(EDGE) A gay Christian man from Texas took to Facebook earlier this month, posting a letter sent to him by a mega church he once attended, which outlines that he was booted from the community because he is gay.

"Being gay and Christian seems to be not a thing to a lot of people but I disagree with that, you can be gay and Christian at the same time," Jason Thomas, a technician specialist, told Dallas' ABC-affiliate station WFAA.

Growing up, Thomas believed that being gay was "one of the unforgivable sins." Wrestling with his sexuality, Thomas finally accepted that being gay is not a sin and he came out to his friends at the Watermark Community Church last year.

"I shared my testimony on stage in front of 3,000 people. I believed with all my heart that God would change me. I went to the programs they offered and recommended," he told the local news station.

The programs to which Thomas is referring were aimed to changed his "perceived" sexual orientation - much like the controversial and disavowed practice of conversion therapy. Thomas acknowledged the damage such practices can have on LGBT people, saying, "It's just very sad to hear stories of people almost committing suicide."

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Thomas said when he wanted to continue attending Watermark as an out gay man, the megachurch's officials sent him a letter, filled with anti-gay language.

In the note, which was sent to Thomas last year, church officials call Thomas' same-sex relationship a "destructive pattern" and took issue with his "unwillingness to heed biblical counsel." The letter also officially nixed him as a member of the church.

"This means that you are no longer a member of our body at Watermark," the note reads. "We are praying that repentance comes quickly and that you do not continue choosing a path of destruction and one that leads you away from the authority and care of the church."

Thomas decided to post the letter earlier this month to mark the one year anniversary of receiving the hateful message. He told WFAA he is still hurt by the note.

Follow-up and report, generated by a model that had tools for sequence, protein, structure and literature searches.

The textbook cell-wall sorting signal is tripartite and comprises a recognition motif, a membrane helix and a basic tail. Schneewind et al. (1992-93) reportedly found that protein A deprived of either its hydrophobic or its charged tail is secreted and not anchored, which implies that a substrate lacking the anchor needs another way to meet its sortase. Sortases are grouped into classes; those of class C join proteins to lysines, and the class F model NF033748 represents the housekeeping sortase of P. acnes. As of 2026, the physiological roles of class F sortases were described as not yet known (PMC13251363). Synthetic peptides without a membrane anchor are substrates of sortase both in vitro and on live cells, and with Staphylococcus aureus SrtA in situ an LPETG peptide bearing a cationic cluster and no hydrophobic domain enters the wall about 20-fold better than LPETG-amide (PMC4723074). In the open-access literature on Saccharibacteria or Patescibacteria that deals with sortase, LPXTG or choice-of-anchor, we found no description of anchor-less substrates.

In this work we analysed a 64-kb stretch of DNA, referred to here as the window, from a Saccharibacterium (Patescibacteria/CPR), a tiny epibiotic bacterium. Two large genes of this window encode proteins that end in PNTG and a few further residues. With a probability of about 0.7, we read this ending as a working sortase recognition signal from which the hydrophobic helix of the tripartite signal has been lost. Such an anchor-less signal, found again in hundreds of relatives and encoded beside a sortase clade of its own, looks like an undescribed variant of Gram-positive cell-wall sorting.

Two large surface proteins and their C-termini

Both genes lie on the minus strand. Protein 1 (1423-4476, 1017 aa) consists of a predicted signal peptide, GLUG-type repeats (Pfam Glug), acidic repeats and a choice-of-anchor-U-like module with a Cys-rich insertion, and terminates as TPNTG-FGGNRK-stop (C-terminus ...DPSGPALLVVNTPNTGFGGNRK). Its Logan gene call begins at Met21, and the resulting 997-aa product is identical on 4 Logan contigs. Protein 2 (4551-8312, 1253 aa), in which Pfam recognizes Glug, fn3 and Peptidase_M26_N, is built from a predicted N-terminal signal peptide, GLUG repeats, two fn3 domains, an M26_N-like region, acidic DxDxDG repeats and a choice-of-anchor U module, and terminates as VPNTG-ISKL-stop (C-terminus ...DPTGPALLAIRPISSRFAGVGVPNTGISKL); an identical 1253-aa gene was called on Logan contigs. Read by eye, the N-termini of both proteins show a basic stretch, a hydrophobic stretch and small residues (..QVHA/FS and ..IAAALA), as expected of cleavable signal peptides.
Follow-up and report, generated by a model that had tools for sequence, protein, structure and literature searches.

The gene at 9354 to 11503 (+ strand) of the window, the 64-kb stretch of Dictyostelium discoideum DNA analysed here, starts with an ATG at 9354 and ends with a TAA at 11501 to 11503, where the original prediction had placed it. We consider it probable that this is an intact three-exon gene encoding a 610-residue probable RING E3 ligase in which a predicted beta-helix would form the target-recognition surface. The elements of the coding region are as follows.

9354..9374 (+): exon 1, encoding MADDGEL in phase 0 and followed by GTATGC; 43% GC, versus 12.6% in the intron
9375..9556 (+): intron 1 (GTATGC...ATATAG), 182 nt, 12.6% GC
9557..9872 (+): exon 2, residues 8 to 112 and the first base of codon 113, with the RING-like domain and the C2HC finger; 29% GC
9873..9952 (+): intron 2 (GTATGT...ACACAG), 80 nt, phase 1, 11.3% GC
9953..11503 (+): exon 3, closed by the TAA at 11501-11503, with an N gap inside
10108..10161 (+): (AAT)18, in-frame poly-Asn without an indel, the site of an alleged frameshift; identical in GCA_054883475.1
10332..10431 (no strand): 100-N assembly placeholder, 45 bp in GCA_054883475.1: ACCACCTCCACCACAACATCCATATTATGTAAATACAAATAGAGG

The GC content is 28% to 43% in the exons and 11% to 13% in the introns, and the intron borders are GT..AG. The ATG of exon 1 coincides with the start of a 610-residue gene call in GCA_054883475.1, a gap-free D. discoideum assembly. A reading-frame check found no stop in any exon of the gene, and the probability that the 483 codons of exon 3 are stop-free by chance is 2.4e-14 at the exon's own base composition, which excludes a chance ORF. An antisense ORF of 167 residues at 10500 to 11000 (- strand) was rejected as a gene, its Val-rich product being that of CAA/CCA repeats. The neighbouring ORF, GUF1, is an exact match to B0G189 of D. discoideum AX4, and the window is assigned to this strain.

"I just don't think that they are aware of the impact this is having on people's lives," he told the news station. "I don't want to go to war with the church, I don't want to go to battle with them. I don't want to say negative things about them. I just want them to recognize that they can do a better job at loving people."

In his Facebook post, Thomas opened up about his struggles with dealing with his sexuality.

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"It was exactly one year ago when you told me that I was no longer worthy to serve, be in a community group, and be a member of your church," he wrote. "I spent years in your church battling against my homosexuality. I believed with all my heart that God would change me; I prayed for change almost daily. But when I wasn't able to change, you turned your back on me."

His post, which includes a photo of the letter, has been shared over 400 times, received more than 1,000 likes and hundreds of comments.

Watermark responded to Thomas' story in a statement to WFAA.

"Like any member whose beliefs move away from the core commitments, biblical convictions, and values of Watermark, it became appropriate to formally change his membership status," the statement says in part. "However, we continue to express to him that he is loved and is always welcome to attend Watermark."

Nevertheless, Thomas said he is attending church somewhere else.

"If even at the end of the day I'm wrong, what's the best way to help me? And that is not kicking me to the curb," he told the news station. "When I put in all my blood, sweat, tears, effort, kicking me to the curb is not the best way you can love me."

Read the Watermark letter in full, along with Thomas' post, below.